1. Beautifully written. As a military Mom, you learn to live with the knowledge that one day that knock could come to your door. I have friends who’ve lost children, and walked alongside them as they grieve and learn how to live again.

    Since our nation began, so many have given their lives to her protection and in her service. Taking one day, as a nation, to remember and honor them, is a good thing. But they are in my heart every day.

  2. Thank you for writing this on such a personal level. We mothers let go and hold our breath that we don’t get that “knock” at our door, but know that some will. Tomorrow I will honor the memory of a friend of my son from high school KIA in Iraq 12/26/2006 as well as his mother who succumbed to her greif over this loss in 2010 and all the rest who sacrificed their tomorrows for our future – and will do so mindfully.

  3. I have been through alot in my short 42 years of life and thought I know what strength was. I was wrong. As I watched my son get on that white bus to go to boot camp that day I was heart broken and proud at the same time. That was 4 long years ago. As a mother we learn what strengths we have to keep our child calm in a time that they are upset. As a military mom we learn to keep our fears in lock down so we do not show our fears to our military child. We feel the mom instinct to stay calm and protect our child in any situation, but when I see my son again when he comes home, I know i will drop to my knees and thatnk the Lord that he is home and cry happy tears. That fear will briefly lift untill he goes back to his job and it starts all over again. I am so proud of him and greatful for all his brothers and sisters who stand by him everyday and fight for us to live so free. I hope they all come home safe.
    I have alot of relitives whom have served in the second World War and i am greatful for what they have done as well. This weekend I only wish I were there in DC to experience the Mindful Memorial and feel that same wave of Spirit that comes over you. I was able to go to DC on the 4th of July Last year and plan on going again soon. But until then I will continue to pray everyday for those still fighting and those we have lost.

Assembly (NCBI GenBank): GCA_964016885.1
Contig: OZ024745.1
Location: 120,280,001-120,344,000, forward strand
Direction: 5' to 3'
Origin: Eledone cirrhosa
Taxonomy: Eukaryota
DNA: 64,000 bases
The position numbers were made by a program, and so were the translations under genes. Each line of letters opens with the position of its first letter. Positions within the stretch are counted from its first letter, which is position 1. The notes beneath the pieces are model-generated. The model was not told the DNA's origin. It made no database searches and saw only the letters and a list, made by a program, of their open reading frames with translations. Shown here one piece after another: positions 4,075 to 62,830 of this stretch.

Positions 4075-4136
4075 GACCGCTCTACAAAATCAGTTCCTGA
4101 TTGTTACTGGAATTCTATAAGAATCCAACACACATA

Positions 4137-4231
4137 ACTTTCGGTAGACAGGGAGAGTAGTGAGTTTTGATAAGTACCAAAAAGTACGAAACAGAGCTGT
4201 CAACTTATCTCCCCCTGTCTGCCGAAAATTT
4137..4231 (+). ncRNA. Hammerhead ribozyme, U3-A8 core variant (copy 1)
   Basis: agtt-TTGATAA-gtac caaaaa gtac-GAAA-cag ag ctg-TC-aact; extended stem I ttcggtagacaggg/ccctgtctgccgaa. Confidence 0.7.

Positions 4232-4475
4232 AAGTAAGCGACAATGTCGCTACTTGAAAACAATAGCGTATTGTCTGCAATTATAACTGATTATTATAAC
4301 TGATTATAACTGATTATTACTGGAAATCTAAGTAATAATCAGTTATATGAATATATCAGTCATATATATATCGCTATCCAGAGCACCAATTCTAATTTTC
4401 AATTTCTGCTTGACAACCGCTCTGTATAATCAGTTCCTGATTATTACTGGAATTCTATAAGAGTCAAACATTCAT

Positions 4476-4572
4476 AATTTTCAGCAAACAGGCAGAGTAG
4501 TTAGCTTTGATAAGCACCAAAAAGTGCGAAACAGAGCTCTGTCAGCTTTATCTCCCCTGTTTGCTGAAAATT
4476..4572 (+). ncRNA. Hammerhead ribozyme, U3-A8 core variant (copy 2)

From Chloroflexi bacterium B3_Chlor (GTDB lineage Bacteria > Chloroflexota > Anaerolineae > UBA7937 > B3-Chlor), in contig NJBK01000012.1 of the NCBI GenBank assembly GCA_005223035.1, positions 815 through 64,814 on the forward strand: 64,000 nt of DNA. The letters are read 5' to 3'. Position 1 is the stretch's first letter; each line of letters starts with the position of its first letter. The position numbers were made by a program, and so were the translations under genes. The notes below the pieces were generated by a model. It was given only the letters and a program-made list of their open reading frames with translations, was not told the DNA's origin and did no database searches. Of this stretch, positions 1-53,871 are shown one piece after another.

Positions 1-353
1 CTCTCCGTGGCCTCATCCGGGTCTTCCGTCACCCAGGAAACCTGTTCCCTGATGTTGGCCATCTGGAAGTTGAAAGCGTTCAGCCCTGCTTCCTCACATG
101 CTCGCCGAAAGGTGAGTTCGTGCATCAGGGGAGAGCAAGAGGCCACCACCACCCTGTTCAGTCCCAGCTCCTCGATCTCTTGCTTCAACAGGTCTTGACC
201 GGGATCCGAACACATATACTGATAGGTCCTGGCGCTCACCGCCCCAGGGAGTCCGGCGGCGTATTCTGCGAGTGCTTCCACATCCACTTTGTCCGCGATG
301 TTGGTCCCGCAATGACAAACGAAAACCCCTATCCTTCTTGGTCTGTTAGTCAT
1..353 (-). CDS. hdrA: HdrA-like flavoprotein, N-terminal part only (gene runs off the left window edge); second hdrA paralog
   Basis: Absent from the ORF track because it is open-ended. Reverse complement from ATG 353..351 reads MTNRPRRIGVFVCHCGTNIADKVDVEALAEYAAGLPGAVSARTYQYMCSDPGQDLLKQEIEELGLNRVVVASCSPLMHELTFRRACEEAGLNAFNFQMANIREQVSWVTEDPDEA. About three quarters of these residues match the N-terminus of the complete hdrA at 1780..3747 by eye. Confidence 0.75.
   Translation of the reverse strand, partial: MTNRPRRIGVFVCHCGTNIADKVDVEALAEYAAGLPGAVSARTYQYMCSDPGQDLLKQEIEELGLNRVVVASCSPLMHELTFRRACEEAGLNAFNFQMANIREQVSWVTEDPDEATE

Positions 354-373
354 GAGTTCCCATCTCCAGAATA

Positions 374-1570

4. Elaine, you always know just the right thing to say or write. I am so proud to be a military mom along side of you.

  5. Thank you. As a MoM, mother of a Marine, I thank God each and every day that I receive a call or text from my son. I received the best mother’s day gift ever this year as that was the day he returned from a deployment. In a few short months he’ll be gearing up for another. I’m used to sleeping with my phone in hand and I find myself talking to him in my head every day. I also have a long list of prayers I say many times a day for him and all his brothers & sisters in arms. He is an amazing young man and I’m so incredibly proud of him. My only child, my son, my Marine.

  6. Elaine, I am so glad to have had the opportunity to meet you. Thank you so much for sharing your experience. Your writing fills my heart.

    Many Many thanks.

    Ben King.

    1. Thank you. We mommas are hypervigilant too -these tools will really help us! Thank you for all you are doing.

  7. You get right to the heart of matters, as always, Elaine. Thank you for writing so eloquently for military mommas, and for those of us mommas (and papas) who are nonmilitary, too. I’m holding both of your brave parents in my thoughts.

  8. You have a gift to write and convey feelingsanybof us experience on Memorial Day. I very much enjoyed your book, it captured so many emotions I have been through.
    My thoughts are with you regarding your mom.